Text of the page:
Rosa Parks Act granting civil rights pardons goes to Tenn. governor
Long after segregation laws were declared unconstitutional, charges have remained on record of many blacks
Lillie Mae Bradford is downright proud of her criminal record, but she wouldn’t mind an official pardon.
The 77-year-old from Montgomery, Ala., was arrested for disorderly conduct in 1951 for walking to the front of a bus and asking for a transfer. Black passengers were not allowed up front.
As a young sprout in Texas, I remember the segregated buses. I always wanted to sit in the back to look out the window, but my mom wouldn’t let me. There was a line you just didn’t cross.
I have to say, I’m extremely surprised this lady has not been pardoned long before now.
Long after segregation laws were declared unconstitutional, charges against Bradford and other blacks have remained on their records.
But that could change.
It damn well SHOULD change! As long as there was no violence involved, I see no reason for these folks to still have such pettiness still on their records.
Last year, Alabama became first state to pass the Rosa Parks Act, which gives people the option of having their records expunged. Tennessee’s version won final approval in the legislature Thursday and awaits the governor’s signature.
A similar measure failed in Florida.
I have to wonder why it failed in Florida! Perhaps there are too many who still see those who are a tad bit different as second class citizens, or perhaps they fear repercussions? I’m baffled.
Tennessee’s Rosa Parks Act passed the House 88-6 and was approved unanimously in the Senate on Thursday. It now goes to Gov. Phil Bredesen, whose spokeswoman said he had not yet looked at the legislation.
Well, get your rear in gear, read the thing, then sign it! However, I’m a bit surprised at the 6 Republicans who voted against the measure. What is it in the bill that they found it necessary to vote against?
“It’s important because it recognizes that people did risk incarceration for social change and that they ultimately prevailed,” said Senate Democratic Leader Jim Kyle from Memphis. “They should not have the stigma of that incarceration or be put in the same class as other folks who simply just committed crimes.”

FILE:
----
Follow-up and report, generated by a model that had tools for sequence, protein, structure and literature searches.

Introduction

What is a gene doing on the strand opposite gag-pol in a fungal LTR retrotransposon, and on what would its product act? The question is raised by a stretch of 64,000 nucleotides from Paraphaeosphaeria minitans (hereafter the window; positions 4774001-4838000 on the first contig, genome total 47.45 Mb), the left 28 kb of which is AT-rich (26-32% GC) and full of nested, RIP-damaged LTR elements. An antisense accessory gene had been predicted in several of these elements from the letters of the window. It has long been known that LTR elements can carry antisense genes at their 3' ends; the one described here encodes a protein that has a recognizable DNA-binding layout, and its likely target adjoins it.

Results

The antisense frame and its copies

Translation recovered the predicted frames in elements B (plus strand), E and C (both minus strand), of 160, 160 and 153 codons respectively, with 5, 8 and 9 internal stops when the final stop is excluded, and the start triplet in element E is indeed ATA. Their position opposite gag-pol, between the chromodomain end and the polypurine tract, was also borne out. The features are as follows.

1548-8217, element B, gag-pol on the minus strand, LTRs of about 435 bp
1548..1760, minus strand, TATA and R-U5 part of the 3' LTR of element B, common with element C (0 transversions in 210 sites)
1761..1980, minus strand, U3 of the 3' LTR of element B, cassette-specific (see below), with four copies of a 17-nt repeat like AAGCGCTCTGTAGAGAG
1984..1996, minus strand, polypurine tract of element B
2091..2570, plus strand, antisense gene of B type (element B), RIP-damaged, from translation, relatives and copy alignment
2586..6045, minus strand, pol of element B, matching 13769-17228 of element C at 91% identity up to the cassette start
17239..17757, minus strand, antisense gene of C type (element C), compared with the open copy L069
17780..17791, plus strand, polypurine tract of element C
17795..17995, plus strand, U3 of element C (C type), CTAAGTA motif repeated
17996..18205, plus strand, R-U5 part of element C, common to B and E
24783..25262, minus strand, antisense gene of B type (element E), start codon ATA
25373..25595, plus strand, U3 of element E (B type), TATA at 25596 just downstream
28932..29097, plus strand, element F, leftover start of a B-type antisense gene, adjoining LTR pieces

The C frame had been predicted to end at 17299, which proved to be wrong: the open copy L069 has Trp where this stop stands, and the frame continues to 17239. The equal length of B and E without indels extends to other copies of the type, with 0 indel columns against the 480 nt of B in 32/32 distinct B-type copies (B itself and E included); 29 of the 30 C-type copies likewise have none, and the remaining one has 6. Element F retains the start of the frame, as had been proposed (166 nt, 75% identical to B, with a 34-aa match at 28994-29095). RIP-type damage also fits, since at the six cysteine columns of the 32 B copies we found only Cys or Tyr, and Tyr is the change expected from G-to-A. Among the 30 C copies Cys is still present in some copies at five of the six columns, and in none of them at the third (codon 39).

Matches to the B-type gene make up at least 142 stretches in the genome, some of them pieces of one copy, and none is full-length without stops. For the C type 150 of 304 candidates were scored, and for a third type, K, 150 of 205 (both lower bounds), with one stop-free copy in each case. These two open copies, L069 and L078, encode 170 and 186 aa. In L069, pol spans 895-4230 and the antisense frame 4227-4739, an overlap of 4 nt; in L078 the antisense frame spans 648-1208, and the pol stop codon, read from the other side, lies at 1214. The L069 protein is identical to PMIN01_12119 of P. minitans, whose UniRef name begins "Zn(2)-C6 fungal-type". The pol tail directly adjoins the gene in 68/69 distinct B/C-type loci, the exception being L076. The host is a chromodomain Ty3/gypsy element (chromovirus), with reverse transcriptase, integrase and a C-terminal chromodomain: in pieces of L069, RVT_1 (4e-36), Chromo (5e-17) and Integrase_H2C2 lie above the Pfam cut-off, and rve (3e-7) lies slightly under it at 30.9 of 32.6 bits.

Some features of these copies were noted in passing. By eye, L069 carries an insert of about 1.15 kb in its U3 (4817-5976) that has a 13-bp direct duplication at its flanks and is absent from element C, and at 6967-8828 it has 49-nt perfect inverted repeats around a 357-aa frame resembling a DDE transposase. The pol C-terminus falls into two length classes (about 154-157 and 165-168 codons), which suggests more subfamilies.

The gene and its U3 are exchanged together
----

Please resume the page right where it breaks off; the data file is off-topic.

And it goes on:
Criminy, I’m agreeing with this guy again.
The Alabama law grants a pardon and sends the criminal record to the state archives to be used in museums or for other educational purposes. Tennessee’s proposal would allow a person to have his or her record destroyed or preserved.
If this is the only ‘crime’ these people committed (perhaps not sitting behind that line on the bus, or drinking out of the “whites only” water fountain – bubbler to you Milwaukeeans), then it should be in the archives if that’s what they want, as a lesson to never go that route again.
UPDATE: I think I might have found the reason those 6 Republicans voted against this Act.
Judicial Council comment: the bill is overly-broad, and indicated that the sponsor may wish to amend it to define the time frame of the convictions to which the bill would apply, to list the specific offenses at issue (whether homicide would be included, for instance), and to explain who determines what qualifies as “protesting or challenging a state law or municipal ordinance whose purpose was to maintain or enforce racial segregation or racial discrimination.” The Council also noted that the bill’s purpose might be better served if it exonerates the persons at issue instead of requiring the destruction of historical records. Finally, the language of the bill which exempts some documents from destruction may inadvertently have the effect of requiring a court clerk to retain documents when current law requires their destruction.
I wouldn’t swear to it, but if I were going to vote against such a bill, the reason would be the lack of a time-line. It could be used to try to excuse other misdemeanor acts long after the Civil Rights Act was signed. That ‘homicide’ business would bother me too.